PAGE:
Following its success, the publicists have been barraged by media wanting an inside look at the show. Consequently, getting onto the set of Desperate Housewives is like negotiating the SALT II Treaty. But finally, here is Marcia Cross playing the irresistible Bree Van De Kamp, in a retro print apron, holding a breakfast tray with a vase of cut roses, folded linen and fine china, awaiting her cue.

"And action!"

Cross enters the set - Bree's living room - to spar with husband Rex (Steven Culp), with whom she has been waging a kind of War of the Roses. Up close, before the camera, Cross is fascinating to watch: She pours tension into Bree, creating with her clenched hands, her Marine-erect posture and the starched flip of her red coif a woman so wound, so repressed, that a viewer is just waiting for her head to explode. (In an earlier episode Rex complained: "I just can't live in this detergent commercial anymore!")

In today's scene, the couple is fighting (we can't say over what exactly; the episode won't air for another month), but it shows the off-centre sensibility that the actors and Cherry have brought to the series. "The advice that Marc Cherry gave us was to play the comedy really seriously and play the drama with a twinkle in your eye," says Culp.

It looks like a daytime soap, except that the colours are too sunshiny. The dialogue sounds ordinary, too, but then Bree suddenly erupts, almost hissing her lines. "Don't confuse my anal retentiveness," she says, pausing for just a beat, "for actual affection".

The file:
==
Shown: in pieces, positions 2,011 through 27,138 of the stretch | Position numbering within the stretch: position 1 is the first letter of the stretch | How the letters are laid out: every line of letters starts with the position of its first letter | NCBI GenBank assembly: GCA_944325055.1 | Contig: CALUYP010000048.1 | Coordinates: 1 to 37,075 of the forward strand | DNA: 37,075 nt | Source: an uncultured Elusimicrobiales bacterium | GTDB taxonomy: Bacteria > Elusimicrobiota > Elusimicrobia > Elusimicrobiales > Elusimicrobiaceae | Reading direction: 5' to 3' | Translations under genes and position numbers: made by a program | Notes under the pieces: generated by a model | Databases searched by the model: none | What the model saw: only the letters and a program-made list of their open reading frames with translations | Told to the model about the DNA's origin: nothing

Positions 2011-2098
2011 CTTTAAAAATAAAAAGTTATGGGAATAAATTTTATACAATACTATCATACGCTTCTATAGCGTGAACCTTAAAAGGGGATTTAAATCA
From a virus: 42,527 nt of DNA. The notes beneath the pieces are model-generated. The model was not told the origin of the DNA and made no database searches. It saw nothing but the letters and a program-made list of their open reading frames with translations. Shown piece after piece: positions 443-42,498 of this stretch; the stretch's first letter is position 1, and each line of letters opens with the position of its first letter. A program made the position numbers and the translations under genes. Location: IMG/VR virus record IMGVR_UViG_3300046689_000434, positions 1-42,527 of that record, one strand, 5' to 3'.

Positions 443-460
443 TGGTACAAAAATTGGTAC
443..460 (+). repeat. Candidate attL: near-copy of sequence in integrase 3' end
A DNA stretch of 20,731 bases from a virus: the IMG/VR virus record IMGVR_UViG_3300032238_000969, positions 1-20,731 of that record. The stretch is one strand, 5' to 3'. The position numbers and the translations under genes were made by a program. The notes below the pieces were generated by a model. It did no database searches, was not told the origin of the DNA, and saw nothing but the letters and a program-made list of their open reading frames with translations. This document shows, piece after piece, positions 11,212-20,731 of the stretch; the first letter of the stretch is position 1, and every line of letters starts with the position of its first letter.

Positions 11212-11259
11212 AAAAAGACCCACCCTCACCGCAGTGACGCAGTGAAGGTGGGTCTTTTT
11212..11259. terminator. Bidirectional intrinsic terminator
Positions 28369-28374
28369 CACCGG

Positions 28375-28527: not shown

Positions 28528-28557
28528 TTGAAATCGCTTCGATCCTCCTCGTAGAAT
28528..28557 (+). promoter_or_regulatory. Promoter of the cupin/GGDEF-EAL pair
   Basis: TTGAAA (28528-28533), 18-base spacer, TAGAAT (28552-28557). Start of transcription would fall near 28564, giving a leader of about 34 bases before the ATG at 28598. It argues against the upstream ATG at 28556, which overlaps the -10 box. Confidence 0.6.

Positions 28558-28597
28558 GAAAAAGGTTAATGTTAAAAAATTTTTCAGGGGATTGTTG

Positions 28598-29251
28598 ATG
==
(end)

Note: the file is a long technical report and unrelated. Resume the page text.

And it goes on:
And you think, is it OK to laugh? Is this Twin Peaks or Days of Our Lives? (And also this: "Ohmigod, my own wife/girlfriend/partner actually said the same thing just the other day.")

After a few takes, Cross sits down, wraps herself in a blanket and relaxes. Her face suddenly seems softer, less like a domestic Medusa; the imaginary snakes slither away. "Mmmm, hot tamales!" she gushes, and digs into a box of candy. "Want one?"

Her character is one of the more over-the-top on Wisteria Lane. "It is so tiring to play Bree," Cross says. "The tension. After a day on the set, I have to literally straighten out the kinks."

As she imagines Bree, "on the outside, she's like a sculpture, and I have to fill in the interior". Yes, she is repressed. "But we all are, only Bree more so. I think she has a huge terror of abandonment."